Sunday 18 March 2018

Review: Stephen King: 'Doctor Sleep'

Ian O'Doherty

Ian O'Doherty

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Stephen King is the world's No 1 horror writer and one of his most iconic books remains The Shining, not least because of the movie with Jack Nicholson doing his "Here's Johnny" axe through the door bit as the demented writer marooned with his family in the remote hotel closed up for the winter.

So the interest in this sequel is naturally going to be enormous. In it, the little boy Danny with the gift of "shining" (being able to see and hear awful events from the past) is now middle aged. But he still has his psychic powers. And the horrors are not far away.

For much of his career, Stephen King was dismissed as the MSG of popular fiction – a cheap filler stifling young writers by hogging all the space on the book stands. He was to publishing what the Big Mac is to fine dining and was worthy of even less respect.

That stunningly ignorant appraisal of his work found its nadir 10 years ago this month, when Harold Bloom raged against King receiving the 'Distinguished Contribution' from the National Book Association, which finished with him sniping that: "My friend Philip Roth, who will now share this 'distinguished contribution' award with Stephen King, is a great comedian and would no doubt find something funny to say about it."

Which said an awful lot more about the literary critic's fragile ego than anything the author could have retorted.

King has, over the course of more than 40 years, managed to frame lives that look a lot like our own but where, as a short-lived character in It says of their hometown: "It's always 13 o'clock."

He has been knocking on that particular witching hour all his career, with an ability to find the horrifying in the mundane that can turn a child's chalk marks on the ground into the secret signals left by low men who hide in plain sight.

But even those who like to boast that they are far too mature to engage in anything as frivolous as being scared will be aware of movies like Stand By Me, The Shawshank Redemption, The Green Mile and, of course, the under-appreciated Apt Pupil. Surely then they cannot deny that this is a man who is primarily interested in that oldest of clichés, the human condition.

It was this obsession with the human condition that led King to so intensely dislike Stanley Kubrick's 1980 adaptation of The Shining. Because while King's Shining was about the descent into madness of a drunken, angry, failed writer and husband who is pulled apart by malevolent forces in the isolated hotel – the author makes no secret of the autobiographical nature of the book – Kubrick's big screen version saw the flawed Jack Torrance inhabited by a carpet chewing Jack Nicholson who played him with all the depth of condensation on a mirror.

Maybe that sense of having one of his most treasured and painful books taken away and reimagined so differently always rankled. Even Frank Darabont's The Mist received a resounding endorsement from King, despite the hugely controv-ersial and completely different ending. (Watch the movie, read the book, enjoy them differently.)

So why, some 36 years on, is he going back there? King, rather lamely, explains his decision to write this sequel to The Shining by saying that he was endlessly being asked questions by his loyal Constant Readers about what happened to the kid on the trike after The Overlook hotel burned down.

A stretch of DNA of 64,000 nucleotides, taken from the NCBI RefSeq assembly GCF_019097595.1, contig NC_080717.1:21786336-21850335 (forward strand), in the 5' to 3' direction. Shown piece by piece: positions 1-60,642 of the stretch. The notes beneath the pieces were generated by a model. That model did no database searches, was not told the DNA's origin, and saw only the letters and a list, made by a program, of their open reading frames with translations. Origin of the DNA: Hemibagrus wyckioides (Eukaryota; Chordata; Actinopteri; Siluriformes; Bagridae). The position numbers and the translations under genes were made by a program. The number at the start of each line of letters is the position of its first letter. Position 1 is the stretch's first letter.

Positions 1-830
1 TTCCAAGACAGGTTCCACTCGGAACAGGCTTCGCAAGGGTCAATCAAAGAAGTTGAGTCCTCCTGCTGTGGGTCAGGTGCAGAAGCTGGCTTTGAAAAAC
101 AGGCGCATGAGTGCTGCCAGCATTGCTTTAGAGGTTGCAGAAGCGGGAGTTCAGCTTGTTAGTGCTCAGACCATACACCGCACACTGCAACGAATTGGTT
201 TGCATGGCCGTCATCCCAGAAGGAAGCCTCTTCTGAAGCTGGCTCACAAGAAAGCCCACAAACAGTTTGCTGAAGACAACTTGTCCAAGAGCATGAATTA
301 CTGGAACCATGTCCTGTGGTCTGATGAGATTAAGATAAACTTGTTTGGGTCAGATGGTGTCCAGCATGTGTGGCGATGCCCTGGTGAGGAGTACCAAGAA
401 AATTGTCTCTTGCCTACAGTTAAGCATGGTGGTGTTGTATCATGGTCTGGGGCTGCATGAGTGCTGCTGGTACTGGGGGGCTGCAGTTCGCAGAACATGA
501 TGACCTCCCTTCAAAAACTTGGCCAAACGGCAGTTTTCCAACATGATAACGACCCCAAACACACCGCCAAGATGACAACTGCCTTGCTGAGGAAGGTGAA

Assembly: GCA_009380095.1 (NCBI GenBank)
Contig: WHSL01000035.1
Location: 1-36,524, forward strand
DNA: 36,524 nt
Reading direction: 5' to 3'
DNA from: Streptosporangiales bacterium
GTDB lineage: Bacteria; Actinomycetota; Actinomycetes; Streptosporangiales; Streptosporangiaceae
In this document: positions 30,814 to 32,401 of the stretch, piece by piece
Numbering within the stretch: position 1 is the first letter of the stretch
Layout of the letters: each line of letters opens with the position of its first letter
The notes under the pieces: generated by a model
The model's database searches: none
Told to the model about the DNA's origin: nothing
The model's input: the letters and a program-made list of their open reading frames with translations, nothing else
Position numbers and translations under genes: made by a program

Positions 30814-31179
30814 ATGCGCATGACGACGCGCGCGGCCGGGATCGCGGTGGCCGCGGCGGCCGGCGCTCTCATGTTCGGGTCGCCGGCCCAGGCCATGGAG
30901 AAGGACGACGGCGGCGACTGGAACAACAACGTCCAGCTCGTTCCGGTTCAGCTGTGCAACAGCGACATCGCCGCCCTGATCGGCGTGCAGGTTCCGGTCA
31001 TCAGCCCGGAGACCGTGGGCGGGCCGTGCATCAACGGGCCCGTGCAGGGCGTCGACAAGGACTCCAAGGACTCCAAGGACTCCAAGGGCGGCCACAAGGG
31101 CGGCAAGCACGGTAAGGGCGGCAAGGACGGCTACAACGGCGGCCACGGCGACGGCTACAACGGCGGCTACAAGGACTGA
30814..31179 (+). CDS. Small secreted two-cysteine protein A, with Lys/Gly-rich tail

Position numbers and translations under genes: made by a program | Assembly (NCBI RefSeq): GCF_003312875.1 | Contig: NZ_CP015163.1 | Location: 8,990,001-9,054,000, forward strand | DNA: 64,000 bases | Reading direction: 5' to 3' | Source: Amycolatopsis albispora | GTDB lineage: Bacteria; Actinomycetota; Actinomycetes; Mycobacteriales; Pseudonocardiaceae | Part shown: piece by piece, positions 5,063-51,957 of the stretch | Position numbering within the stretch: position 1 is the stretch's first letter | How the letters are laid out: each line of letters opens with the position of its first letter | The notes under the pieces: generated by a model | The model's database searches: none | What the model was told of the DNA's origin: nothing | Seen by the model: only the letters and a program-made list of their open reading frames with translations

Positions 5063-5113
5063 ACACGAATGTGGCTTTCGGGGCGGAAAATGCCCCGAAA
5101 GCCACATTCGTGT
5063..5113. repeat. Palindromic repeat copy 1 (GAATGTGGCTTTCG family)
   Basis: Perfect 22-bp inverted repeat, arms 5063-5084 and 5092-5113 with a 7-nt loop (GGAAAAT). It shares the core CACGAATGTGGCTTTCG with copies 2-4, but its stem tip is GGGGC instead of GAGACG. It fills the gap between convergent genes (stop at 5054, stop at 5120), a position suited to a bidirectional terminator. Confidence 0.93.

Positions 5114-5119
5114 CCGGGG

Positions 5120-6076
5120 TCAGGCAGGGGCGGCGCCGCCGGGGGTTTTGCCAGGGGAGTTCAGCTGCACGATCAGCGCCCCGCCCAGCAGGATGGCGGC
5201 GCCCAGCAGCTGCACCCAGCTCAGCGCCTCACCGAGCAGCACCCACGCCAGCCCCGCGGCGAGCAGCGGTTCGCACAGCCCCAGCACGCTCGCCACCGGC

Constant Readers won't be surprised to learn that all these years later, young Danny is now a grown-up drifter with a drink problem – running from his own ghosts much like his father before him.

Upon finding a job and making some friends in a small town, he puts down roots and returns to his natural calling – working in a hospice where his ability to ease the pain of the dying earns him the nickname of the title.

The shining is still there (the psychic abilities that allowed him to see the horrors from the past in the original book) and things begin to unravel when a young girl, Abra, starts to communicate with him telepathically.

This would normally be enough to have King's critics rolling their eyes, but by that stage we have already discovered more about Danny's squalid, fractious earlier life and Abra's precocious gifts.

Most compellingly, we learn of 'The True Knot', a group of ancient creatures who survive on the 'steam' produced by the pain and fear felt by psychic children as they are tortured to death.

The True Knot, who travel across America in the guise of old people on vacation in camper vans, have set their sights on young Abra.

What follows is familiar to anyone who has even a cursory knowledge of King's work. For those who devour his books with all the voracious hunger of The True Knot sucking up steam, seeing how young Danny grew up will undoubtedly be of interest. But as the man himself might say, it's no great whoop.

The origins of The True Knot could have been fleshed out a bit more, and their possible origins in the Thinnies of The Dark Tower are echoed when Danny repeats the Tower phrase: "There are more worlds than this."

Instead, the members of the Knot are barely fleshed out – in more ways than one – and there's never any great indication as to just how powerful an enemy they are.

But aside from wanting to know more about the provenance of the bad guys, Doctor Sleep is a pleasing conclusion to a story that began all those years ago and one which, I'd guess, King felt the need to tell much more than we needed to read.


Doctor Sleep

Stephen King Hodder



Irish Independent

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